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Ikoyi building: SON begins investigation into cause of collapse


The Director-General, Standards Organisation of Nigeria (SON), Farouk Salim, on Friday, advocated strong sanctions for all standards infractions following the collapse of the 21-storey building at Gerrard Road, Ikoyi, Lagos.

Salim said this in a condolence message to the Governor of Lagos State, Babajide Sanwo-Olu, and victims of the building collapse on November 1, in Lagos.

The SON chief noted that the agency had visited the site to commence investigation by taking samples of iron rods, concrete mix and other materials for laboratory tests and analysis.

He stressed the importance of promoting voluntary compliance in Nigeria as in other parts of the world, and described the incident as avoidable and one collapse too many.

On Thursday, Governor Sanwo-Olu inaugurated a panel to investigate the cause of the collapse.

Salim commended the Lagos State government for setting up a panel of inquiry to unravel the root cause of the collapse.

The SON DG, also commiserated with the families of the dead and injured and called on all Nigerians, particularly authorities responsible for approvals and regulations, to make adherence to approved standards the watchword in the discharge of their duties.

He offered SON’s technical support, given its mandate and abundance of competence in such investigation.

“We offer our condolence to Governor Babajide Sanwo-Olu and the people of Lagos State on the unfortunate high-rise building collapse at Ikoyi and the attendant loss of lives.

“Section 5 (1) b of the SON Act No. 14 of 2015 charges the organisation to undertake investigation as necessary into the quality of facilities, systems, services, materials and products, whether imported or manufactured in Nigeria.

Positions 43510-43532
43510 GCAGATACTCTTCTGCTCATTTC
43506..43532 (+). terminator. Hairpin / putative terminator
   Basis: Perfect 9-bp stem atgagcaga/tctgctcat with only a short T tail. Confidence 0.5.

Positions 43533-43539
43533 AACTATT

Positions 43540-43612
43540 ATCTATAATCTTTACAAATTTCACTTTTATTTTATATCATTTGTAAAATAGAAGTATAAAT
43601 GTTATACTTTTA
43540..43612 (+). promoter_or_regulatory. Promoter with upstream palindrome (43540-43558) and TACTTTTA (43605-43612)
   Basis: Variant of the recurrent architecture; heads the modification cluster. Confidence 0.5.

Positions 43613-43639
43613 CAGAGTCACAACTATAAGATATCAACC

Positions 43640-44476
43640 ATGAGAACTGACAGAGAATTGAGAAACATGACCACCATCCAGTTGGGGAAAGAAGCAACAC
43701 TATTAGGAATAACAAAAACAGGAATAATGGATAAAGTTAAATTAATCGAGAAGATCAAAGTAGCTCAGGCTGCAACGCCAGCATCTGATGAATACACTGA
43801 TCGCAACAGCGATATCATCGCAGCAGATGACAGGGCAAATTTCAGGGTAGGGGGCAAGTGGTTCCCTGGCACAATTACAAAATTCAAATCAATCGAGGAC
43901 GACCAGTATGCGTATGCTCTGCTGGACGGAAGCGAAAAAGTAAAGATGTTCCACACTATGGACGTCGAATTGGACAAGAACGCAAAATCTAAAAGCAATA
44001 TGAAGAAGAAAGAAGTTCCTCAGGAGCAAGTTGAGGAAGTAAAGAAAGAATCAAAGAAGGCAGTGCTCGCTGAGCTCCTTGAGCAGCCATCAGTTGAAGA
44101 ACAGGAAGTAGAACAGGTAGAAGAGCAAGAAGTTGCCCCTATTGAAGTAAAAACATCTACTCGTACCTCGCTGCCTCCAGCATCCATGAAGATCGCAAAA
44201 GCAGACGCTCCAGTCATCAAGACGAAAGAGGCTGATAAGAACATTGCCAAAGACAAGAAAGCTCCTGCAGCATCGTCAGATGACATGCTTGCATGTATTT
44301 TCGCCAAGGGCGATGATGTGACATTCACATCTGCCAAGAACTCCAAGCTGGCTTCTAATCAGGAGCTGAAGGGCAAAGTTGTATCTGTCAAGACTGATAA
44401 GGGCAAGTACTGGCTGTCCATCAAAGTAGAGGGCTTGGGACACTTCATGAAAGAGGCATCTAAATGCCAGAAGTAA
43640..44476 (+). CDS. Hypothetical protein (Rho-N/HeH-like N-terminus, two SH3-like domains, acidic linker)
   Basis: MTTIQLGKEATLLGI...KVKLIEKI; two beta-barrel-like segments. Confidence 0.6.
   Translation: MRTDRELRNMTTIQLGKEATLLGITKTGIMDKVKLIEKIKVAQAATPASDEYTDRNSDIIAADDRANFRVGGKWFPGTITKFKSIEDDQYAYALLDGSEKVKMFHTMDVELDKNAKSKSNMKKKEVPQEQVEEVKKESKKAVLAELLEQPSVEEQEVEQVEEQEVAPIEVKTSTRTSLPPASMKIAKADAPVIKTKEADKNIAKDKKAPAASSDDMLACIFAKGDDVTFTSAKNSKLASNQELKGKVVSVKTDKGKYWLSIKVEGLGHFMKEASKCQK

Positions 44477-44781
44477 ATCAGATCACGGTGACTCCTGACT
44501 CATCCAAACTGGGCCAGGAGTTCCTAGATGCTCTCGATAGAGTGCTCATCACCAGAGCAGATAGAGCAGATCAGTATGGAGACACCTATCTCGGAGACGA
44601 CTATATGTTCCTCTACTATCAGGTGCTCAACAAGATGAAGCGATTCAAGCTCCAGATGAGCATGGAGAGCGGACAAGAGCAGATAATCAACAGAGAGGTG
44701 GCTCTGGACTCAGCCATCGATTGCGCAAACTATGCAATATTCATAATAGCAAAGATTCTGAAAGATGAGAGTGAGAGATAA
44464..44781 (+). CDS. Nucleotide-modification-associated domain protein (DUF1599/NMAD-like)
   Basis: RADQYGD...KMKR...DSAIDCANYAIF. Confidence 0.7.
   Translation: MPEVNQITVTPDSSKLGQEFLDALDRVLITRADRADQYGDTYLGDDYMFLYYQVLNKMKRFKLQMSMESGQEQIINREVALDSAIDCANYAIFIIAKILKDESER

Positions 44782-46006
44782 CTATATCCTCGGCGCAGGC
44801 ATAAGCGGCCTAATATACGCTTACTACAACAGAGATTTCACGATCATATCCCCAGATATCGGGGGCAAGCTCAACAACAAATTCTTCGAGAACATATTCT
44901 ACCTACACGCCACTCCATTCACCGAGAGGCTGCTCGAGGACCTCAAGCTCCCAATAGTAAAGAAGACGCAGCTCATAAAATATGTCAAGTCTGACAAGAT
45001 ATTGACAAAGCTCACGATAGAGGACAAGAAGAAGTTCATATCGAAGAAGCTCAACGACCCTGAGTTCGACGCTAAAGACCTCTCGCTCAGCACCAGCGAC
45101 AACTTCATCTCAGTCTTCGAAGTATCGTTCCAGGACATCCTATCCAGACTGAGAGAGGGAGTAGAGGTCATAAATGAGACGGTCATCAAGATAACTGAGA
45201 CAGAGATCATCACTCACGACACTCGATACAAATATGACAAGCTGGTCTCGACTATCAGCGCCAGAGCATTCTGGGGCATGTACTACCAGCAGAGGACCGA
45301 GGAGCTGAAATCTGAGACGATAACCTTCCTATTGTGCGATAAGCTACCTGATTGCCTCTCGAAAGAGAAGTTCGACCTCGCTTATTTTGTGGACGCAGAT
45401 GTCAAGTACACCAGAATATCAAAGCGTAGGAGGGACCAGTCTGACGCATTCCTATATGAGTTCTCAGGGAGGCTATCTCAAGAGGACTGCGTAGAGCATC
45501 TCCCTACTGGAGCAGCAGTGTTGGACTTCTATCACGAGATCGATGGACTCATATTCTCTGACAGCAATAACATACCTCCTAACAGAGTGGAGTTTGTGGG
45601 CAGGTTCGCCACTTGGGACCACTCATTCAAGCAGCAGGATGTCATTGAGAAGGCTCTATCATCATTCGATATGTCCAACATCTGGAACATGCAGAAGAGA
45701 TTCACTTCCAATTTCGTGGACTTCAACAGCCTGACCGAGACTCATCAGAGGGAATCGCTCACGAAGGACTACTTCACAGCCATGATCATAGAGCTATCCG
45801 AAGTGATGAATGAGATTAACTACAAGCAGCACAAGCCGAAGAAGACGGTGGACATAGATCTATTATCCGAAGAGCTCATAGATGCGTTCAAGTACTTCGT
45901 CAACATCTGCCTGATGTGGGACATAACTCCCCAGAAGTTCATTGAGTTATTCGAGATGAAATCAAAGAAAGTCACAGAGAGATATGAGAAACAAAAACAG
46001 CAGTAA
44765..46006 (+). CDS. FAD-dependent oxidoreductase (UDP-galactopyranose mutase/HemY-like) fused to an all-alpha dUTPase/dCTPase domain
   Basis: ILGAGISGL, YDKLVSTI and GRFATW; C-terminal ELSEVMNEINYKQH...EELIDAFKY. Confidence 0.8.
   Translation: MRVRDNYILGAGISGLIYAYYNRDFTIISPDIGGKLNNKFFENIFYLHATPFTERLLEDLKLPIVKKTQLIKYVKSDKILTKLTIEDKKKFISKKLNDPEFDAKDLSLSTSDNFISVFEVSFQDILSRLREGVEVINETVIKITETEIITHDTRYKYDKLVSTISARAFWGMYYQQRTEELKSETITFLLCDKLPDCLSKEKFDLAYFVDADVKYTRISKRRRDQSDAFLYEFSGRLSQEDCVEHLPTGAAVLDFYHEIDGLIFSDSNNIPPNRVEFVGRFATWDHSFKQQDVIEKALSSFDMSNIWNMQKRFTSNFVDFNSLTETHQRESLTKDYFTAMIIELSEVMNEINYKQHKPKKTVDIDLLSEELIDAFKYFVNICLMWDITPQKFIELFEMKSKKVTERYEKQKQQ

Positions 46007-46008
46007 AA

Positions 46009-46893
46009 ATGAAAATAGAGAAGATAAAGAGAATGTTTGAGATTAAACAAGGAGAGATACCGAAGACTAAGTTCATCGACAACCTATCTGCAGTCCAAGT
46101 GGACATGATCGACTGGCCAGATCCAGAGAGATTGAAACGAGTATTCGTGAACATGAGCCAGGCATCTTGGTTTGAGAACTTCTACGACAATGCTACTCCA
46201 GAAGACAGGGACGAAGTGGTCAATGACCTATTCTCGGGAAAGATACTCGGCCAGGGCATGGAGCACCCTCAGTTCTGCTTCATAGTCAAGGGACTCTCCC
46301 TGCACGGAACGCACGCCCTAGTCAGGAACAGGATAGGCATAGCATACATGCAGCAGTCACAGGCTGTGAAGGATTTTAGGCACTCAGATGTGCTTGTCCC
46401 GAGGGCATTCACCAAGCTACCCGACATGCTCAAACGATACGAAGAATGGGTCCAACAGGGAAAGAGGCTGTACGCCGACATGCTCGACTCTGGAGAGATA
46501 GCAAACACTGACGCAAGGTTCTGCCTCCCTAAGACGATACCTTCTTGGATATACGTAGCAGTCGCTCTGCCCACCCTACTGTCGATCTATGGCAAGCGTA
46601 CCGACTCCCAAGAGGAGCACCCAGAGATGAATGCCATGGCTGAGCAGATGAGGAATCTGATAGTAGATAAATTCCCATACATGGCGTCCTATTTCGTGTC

“Also, Section 5 (2) of the Act states that, ‘For purposes of uniformity of Standards in Nigeria, all regulatory agencies or organisations dealing with matters pertaining to or related to standards shall do so in collaboration with the Standards Organisation of Nigeria.’

“Part IX (48) of the Miscellaneous Provisions in the SON Act states that, in every government procurement, where compliance with standards is a requirement, no payment for execution for such contract shall be made unless compliance to the relevant standards have been verified by the Standards Organisation of Nigeria,” he said.

Salim said SON required the continuous support and collaboration of all Nigerians, other agencies and professional organisations to deliver on its mandate to the nation.

He added that SON was currently developing new procedures in line with the Act to verify that all material used in major construction projects across the country met the required standards.


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